Both of these cars get shockingly good gas mileage for large performance oriented cars. It’s as if the Germans have decided that it’s not enough to beat the pants off everyone else on the street; they have to do it at the pumps, too. As already mentioned, the RS 7 gets a combined score of 19 mpg, which isn’t stunning compared to a Prius. Delightfully, it is more than enough to avoid a gas guzzler tax. The Panamera doesn’t do quite as well. But at 24 highway and 16 city, it is still impressive – especially because it lacks the technical wizardry of the RS 7.
The Panamera is also going to cost you more at the dealership. Not only does it retail for $6,000 more, Porsche is going to take you for all you are worth on the options list. If you want the sort of kit that you would expect as standard on a $55,000 Cadillac, expect to drop upwards of an extra $10,000 to put it in your Porsche.
Where the Porsche really comes into its own is interior space. The rear seat in the Panamera is big enough to fit an NBA guard, should you need to give one a ride. I won’t ask why. It also has plenty of space in the trunk for all of your golfist twigs.
The Audi by contrast doesn’t do quite as well in this department. The sharply sloping roof line cuts down on the rear headroom and trunk space to a slightly alarming degree. It’s fine for short trips, but if you are taller than six-foot-two like both myself and my editor, you are going to have problems in the back. On the other hand, it does serve the useful purpose of telling you when your kids are ready for boarding school. Too big for the back? Too big for the house!
The edge here goes to the Panamera.
Neither of these cars has quite the pizzazz of a two seat sports car or GT car, but for more than 100 grand you want your car to have presence.
I think the newest Panamera is a better looking effort than the previous generation. That is, if you squint. Honestly, they are pretty damn similar. Then again, this is a Porsche we are talking about. I think the real improvement is that there are now some angles from which the Panamera looks downright good, which just wasn’t true before.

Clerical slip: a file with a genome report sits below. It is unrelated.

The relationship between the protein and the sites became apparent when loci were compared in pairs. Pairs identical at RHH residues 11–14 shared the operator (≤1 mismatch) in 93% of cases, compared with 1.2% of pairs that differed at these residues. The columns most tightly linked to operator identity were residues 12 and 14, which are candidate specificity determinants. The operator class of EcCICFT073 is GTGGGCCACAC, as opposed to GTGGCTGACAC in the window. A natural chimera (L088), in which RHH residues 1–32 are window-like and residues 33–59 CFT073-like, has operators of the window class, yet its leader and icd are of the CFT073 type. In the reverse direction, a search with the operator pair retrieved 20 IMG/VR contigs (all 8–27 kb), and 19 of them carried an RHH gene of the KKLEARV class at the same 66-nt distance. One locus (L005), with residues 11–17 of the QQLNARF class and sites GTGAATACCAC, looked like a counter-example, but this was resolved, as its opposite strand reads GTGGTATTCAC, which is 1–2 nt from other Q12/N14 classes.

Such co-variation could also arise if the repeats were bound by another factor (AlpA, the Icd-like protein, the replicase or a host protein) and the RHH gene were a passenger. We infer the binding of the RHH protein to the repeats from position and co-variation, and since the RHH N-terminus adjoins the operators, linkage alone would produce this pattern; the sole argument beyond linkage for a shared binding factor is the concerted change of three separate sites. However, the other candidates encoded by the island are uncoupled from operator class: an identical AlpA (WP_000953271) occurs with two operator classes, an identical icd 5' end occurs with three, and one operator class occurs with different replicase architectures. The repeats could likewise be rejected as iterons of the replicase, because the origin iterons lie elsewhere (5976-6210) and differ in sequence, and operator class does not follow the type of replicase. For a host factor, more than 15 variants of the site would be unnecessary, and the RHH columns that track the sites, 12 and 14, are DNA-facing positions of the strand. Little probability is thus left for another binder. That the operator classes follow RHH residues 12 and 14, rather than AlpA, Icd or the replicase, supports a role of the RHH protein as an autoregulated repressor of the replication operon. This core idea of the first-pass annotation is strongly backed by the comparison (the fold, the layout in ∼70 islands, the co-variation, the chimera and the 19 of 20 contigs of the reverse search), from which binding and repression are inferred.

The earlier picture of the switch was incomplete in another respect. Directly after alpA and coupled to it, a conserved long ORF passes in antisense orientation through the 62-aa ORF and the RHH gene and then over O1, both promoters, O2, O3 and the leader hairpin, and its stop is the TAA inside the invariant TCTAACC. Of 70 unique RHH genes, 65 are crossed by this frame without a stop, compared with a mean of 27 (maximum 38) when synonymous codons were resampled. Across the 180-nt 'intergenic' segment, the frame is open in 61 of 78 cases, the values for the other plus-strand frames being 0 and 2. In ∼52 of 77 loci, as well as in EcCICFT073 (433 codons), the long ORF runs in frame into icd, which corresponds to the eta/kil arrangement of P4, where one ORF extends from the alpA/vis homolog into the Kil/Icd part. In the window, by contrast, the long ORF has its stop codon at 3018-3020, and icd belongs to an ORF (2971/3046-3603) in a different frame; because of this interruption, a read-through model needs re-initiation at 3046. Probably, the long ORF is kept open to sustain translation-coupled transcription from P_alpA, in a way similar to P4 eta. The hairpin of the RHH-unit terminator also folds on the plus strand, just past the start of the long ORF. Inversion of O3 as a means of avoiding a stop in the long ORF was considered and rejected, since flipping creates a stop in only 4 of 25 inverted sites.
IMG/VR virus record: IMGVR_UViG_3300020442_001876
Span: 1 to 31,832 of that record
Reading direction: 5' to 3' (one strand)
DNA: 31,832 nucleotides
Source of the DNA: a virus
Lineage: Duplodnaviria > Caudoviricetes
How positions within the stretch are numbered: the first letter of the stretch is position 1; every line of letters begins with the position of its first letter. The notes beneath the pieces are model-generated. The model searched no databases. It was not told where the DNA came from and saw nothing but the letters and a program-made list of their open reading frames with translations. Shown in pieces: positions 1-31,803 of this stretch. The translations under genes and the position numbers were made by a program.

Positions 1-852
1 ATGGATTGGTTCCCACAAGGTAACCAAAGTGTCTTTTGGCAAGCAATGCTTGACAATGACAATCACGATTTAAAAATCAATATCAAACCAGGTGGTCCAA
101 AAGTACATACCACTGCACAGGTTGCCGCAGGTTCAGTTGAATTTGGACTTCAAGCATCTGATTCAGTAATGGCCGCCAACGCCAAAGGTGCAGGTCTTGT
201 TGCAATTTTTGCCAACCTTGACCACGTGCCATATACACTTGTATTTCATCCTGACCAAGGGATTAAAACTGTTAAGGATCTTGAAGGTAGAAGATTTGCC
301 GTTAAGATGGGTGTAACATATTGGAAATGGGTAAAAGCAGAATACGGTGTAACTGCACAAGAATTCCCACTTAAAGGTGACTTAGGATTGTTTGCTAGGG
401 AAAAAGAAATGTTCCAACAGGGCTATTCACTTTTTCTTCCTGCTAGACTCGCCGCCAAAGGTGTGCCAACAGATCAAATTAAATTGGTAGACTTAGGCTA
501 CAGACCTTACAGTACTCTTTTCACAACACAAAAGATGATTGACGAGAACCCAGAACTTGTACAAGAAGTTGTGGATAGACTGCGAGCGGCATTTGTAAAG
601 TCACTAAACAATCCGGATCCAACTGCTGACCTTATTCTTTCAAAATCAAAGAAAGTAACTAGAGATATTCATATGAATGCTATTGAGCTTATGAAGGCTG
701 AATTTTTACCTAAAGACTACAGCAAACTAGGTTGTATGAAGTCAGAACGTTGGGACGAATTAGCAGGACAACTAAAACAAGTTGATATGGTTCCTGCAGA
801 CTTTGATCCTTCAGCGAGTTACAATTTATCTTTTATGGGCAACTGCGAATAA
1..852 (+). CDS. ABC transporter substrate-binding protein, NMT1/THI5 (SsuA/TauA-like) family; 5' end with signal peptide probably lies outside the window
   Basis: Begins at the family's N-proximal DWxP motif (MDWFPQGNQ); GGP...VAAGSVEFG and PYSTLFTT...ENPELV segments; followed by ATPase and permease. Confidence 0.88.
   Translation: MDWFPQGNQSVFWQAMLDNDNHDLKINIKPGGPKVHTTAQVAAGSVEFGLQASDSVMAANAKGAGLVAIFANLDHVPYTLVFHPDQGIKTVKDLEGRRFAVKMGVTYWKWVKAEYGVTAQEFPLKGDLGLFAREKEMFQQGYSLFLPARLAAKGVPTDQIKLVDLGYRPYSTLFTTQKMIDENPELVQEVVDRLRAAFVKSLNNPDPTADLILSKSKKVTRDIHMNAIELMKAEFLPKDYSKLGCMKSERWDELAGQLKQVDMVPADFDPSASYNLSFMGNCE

Unfortunately, you do pay a visual price for that rear headroom; and that price is a pretty damn underwhelming silhouette. People will know that you are in a very expensive car. That will be down to the badge, though, and not the looks.
What’s more; the interior quality isn’t as good as you would expect. You can’t point to anything that is specifically wrong, but it just doesn’t seem like the quality is as good as it should be.
In contrast, the RS 7 is, in my humble opinion, one of the best looking mass produced cars of the last twenty years. That sharply sloping roof might cut into headroom, but it pays huge dividends in looks. I could go on for pages about how amazing this car looks, but if you agree with me then there is no point. And if you don’t, all I can say is: get your eyes checked.
On the inside this car feels like it is worth every penny. Not only is the interior quality some of the best I have ever seen, but you get amazing tech. My favorite detail is the capability to create a 3G wireless hot spot. Why doesn’t every car have this?
In short, where the Panamera feels like it delivers adequately for the cost, the RS 7 feels truly special.
The edge goes to the Audi.
If I had $110,000 to spend on a car, it isn’t just that I would buy an RS 7 over a Panamera, I would buy it over just about anything out there. The Audi is just a very special car that combines technical brilliance with excitement in a way that is pretty much unique in anything that isn’t a supercar.
And unlike most supercars, you really could drive the RS 7 everyday and to every possible occasion. It’s one of my favorite cars on the market today.
But if you are a Porsche lover, don’t worry; the Panamera is a very good car. You just shouldn’t buy in the middle of the range. The entry-level Panamera is a fantastic car – and you can get it for $30,000 less. If you are worried about people at the country club thinking you are cheap, sell a kidney … or sell one of your children and get the $200,000 Panamera Turbo. Trust me; it’s worth it.